By Andrew P. Napolitano
The president's men trash the Constitution to pursue antagonists
Independent voices from the TWT Communities
Despite our current perilous times, Americans still have boundless reasons for giving thanks. True, our economy continues to falter, we face yet another national credit downgrade, and families suffer with high unemployment. The nation teeters precariously between free-market capitalism and European-style socialism. But fortunately, we have guidance from those brave Pilgrims aboard the Mayflower who, nearly four centuries ago, faced a choice similar to ours.
Thanksgiving time is here again. This is a reprise of a 2008 column I did about the origins of this national holiday based on "The Light and the Glory," written by Peter J. Marshall and David Manuel.
Any reader looking for the straightforward Pilgrim story is probably forewarned by the opaque title of this long book, but anyone looking for adventure in English and American history will relish this fresh account by Nick Bunker, a former banker and journalist for the Financial Times.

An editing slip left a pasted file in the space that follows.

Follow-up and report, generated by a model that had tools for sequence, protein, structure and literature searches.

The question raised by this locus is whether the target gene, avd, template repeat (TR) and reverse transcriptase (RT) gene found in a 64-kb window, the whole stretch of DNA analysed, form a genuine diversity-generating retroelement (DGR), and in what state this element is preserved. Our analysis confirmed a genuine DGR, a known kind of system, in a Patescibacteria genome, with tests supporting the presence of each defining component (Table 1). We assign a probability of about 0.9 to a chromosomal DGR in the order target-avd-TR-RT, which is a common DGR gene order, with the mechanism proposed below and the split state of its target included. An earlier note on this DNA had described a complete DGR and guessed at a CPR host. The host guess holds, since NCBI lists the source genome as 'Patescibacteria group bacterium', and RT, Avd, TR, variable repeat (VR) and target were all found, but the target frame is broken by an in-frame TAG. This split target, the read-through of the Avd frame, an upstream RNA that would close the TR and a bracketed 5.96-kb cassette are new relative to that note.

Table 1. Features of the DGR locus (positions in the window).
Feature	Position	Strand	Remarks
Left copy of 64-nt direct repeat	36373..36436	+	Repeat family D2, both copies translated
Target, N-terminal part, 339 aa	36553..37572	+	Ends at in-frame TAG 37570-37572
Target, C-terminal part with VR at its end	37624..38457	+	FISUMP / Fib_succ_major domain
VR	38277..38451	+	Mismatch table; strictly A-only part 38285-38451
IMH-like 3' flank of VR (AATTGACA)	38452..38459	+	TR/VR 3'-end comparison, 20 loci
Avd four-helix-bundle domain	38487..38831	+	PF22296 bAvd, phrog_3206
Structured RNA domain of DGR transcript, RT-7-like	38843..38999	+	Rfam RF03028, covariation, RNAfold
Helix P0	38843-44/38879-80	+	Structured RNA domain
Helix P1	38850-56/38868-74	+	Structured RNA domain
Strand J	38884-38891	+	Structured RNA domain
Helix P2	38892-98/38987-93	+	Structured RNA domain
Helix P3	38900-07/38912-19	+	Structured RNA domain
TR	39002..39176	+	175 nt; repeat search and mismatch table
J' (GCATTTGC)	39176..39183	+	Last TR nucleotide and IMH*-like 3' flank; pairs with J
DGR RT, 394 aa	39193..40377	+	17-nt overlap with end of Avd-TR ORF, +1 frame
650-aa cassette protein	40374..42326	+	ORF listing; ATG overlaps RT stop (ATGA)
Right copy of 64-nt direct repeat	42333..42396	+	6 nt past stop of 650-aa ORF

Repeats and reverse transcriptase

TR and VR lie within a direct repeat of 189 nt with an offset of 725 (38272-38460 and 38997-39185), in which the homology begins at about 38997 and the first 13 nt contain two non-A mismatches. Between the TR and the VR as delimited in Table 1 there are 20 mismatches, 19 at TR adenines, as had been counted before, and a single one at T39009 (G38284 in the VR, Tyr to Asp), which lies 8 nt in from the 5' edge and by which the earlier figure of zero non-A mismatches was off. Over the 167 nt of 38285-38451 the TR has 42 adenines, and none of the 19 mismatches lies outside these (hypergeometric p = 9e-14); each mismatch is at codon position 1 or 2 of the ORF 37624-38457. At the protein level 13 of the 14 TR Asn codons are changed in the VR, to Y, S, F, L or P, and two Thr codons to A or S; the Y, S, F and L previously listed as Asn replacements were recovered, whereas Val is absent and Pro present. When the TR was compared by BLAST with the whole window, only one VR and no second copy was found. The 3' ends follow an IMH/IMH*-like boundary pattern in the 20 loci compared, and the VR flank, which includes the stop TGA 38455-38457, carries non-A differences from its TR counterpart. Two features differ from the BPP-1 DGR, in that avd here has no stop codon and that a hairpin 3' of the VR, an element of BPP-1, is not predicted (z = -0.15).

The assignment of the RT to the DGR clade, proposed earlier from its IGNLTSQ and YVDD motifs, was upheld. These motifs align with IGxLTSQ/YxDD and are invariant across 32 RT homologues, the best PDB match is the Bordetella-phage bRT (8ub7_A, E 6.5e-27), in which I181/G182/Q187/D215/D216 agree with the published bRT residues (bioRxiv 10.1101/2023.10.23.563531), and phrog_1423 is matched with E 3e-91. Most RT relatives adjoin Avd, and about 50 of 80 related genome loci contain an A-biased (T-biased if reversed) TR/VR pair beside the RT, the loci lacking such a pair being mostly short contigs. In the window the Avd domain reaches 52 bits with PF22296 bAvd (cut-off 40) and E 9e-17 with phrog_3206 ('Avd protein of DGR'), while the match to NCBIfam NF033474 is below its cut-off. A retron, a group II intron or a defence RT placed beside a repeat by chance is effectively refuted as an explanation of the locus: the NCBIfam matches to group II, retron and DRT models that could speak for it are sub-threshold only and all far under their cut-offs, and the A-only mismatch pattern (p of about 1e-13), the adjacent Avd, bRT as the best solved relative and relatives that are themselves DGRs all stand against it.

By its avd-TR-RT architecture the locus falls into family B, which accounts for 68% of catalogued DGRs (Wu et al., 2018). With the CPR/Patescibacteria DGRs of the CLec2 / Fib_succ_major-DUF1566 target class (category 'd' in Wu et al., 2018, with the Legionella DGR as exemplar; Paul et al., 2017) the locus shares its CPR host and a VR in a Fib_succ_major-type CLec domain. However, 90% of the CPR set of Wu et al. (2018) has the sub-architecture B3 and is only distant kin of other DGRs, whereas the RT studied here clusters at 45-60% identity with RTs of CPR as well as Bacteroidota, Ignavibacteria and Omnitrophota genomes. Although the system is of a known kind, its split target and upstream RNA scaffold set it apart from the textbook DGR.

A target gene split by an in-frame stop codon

The strong, young men of their commune, he noted, should have been their most productive members, but they resented being assigned extra work that benefited another man's family, so they refused.
But, as Bradford added, landing in a desolate wilderness meant there were "no friends to welcome them, nor inns to entertain or refresh their weatherbeaten bodies, no houses, or much less towns to repair to, to seek for succor."